Late in his life, when longtime liberal Capp had suddenly gone right wing (as some old rich white guys do), he became a sexual predator. On college campuses, where he gave lectures, he would arrange to meet with coeds and came onto them; he did the same for young actresses who were supposedly interviewing for parts in various Abner TV series. No reports of rape, but plenty of obnoxious behavior, which eventually was exposed (shall we say) in the press. Capp didn’t kill himself, like his old boss, but he killed his strip and died a few years later.

Still, I love Li’l Abner. I have a number of Capp originals framed and on my wall. Is that wrong? Am I supposed to banish his lifetime of brilliant work to the scrap heap of history because he was, in his later years, a dirty old man? Also, am I supposed to be surprised Al Capp liked sexy young women?

Do we think Frank Sinatra would have held up to this kind of scrutiny? How about rock ‘n’ roll stars? Does anyone really want to turn over the rock that is Mick Jagger, much less Keith Richards? Did those lads from Liverpool have their way with some underage groupies? Would you be shocked if they did? Shine the spotlight on rock ‘n’ roll and it’ll be the sexual apocalypse.

The Millennials did not live through the Sexual Revolution, which created a climate of carnal activity for a generation who’d been brought up innocently in the fifties. Beaver was the last name of a kid named Cleaver; then suddenly it wasn’t. I don’t excuse the behavior of any of my generation, but I’m not sure we should have to sit for a jury of kids who didn’t live through it. Free Love and feminism were brewing at the same time, and brother was it a strange brew.

During those years, when things were loosening up sexually, homophobia went on unabated. Closeted gays lived an outlaw life style by definition. Like a lot of straight guys, I had gay men come onto me – the first time freaked me out. Later I realized that they were as uneasy and even more afraid than I was. Roy Moore still wants gays thrown in jail or worse. Might someone like Kevin Spacey or George Takei make a mistake, a misjudgment, a misreading of another male, living as they did in a world of shadows? How harshly should we judge gay men and women who grew up in the second half of the Twentieth Century?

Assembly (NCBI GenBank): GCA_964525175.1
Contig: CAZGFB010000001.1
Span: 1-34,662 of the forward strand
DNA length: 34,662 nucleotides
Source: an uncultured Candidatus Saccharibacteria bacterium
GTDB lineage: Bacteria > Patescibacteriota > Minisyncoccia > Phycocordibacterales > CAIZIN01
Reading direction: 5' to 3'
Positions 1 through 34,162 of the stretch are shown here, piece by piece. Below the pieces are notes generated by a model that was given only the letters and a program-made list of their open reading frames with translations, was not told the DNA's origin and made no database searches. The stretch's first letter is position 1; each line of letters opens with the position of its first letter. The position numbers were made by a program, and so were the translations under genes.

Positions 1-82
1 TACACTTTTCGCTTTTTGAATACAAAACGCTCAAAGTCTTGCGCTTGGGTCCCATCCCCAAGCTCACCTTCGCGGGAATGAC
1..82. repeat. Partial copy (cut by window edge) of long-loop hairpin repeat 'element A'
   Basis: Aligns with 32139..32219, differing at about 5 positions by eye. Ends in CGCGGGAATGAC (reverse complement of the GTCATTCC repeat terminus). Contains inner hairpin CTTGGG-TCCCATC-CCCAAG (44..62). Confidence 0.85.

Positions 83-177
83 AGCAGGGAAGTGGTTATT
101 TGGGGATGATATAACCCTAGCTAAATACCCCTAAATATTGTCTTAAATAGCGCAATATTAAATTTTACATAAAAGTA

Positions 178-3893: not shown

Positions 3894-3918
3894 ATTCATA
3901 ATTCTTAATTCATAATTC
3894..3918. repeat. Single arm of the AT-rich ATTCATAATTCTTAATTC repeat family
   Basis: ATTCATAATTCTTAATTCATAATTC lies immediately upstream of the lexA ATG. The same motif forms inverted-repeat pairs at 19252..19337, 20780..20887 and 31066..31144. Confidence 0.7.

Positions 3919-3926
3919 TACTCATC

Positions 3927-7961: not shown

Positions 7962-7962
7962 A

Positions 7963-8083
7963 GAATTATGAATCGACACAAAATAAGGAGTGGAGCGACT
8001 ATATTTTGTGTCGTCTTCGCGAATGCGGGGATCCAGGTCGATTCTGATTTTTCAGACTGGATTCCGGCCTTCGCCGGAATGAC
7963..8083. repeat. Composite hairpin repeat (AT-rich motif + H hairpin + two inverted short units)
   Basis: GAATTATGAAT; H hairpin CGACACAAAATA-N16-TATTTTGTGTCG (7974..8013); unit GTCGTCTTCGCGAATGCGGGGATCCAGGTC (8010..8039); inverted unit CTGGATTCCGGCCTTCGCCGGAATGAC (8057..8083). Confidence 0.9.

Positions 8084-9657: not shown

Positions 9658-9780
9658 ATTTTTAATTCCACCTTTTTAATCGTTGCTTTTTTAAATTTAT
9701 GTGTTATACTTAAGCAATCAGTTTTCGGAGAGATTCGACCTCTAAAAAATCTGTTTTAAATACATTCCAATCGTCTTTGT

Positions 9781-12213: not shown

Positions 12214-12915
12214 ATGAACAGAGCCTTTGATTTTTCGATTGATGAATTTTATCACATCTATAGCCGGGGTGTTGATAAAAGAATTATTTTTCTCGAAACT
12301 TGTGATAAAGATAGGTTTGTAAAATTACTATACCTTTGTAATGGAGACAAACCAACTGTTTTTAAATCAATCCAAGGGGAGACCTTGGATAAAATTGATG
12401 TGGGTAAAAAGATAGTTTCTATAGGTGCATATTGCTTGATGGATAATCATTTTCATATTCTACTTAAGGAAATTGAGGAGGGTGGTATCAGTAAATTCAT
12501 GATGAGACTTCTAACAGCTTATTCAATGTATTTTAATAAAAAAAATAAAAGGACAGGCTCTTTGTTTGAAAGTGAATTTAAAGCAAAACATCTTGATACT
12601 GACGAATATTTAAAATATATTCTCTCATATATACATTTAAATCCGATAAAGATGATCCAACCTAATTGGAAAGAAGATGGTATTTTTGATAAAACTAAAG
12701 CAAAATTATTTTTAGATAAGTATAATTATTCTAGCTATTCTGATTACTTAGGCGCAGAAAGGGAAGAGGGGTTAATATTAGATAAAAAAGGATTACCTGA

Not excusing anything. I certainly abhor what these famous men, straight and gay, have been getting away with, almost always operating from a position of power. But I wonder – is there any chance for redemption for somebody like Kevin Spacey or Louis C.K.? Can they come back from this? Should they? Can I watch Baby Driver with a clear conscience, or ever revisit House of Cards? Spacey’s scenes are being cut and re-shot for the soon-to-be-released All the Money in the World – should his entire cinematic legacy be similarly snipped away? Must I forget the kindness he showed me and my family?

Can I listen to Frank Sinatra without thinking about Sam Giancana?

I really am wondering.

But I do know plenty of great art has come from terrible people. It’s a subject I’ve been wrestling with, and discussing, for years – long before the daily exposure of this star or that one as a sexual predator.

* * *

The new Murder on the Orient Express isn’t bad. It’s quite sumptuous looking, and is faithful enough to the Christie source material to receive an approving nod from me. True, some action scenes – including questionable heroics from Hercule Poirot – seem like pandering to an audience dumber than anybody who would likely go to a movie called Murder on the Orient Express. But it’s a good, old-fashioned (in a positive way) movie. It’s just not as good as the 1974 original – actually, not even close.

Refresh your memory and look up the cast of the ‘74 version, and see names like Connery, Bacall, Guielgud, Widmark, Redgrave, Finney and on and on. Such giants no longer walk the earth – well, a few still do. This Murder is committed by a cast about half of whom are names – Cruz, Depp, Gad, Dafoe, Jacobi – but hardly the superstars of old. Depp, for example, is quite good…until you compare his performance to Richard Widmark’s. In ‘74, Albert Finney made an oddly cartoonish Poirot (though it worked), while director/star Kenneth Branagh has to compete with David Suchet’s definitive Poirot. In fairness, this one is better than Suchet’s Murder on the Orient Express, a rare misfire for that wonderful series.

Barb and I also took in Thor Ragnarok, which is very funny while retaining the expected spectacle and superhero heroics. Marvel seems to have learned a lot from the Guardians of the Galaxy movies.

* * *

Here’s a nice review of Fate of the Union.

And check out this look at Mike Hammer and Mickey Spillane.

M.A.C.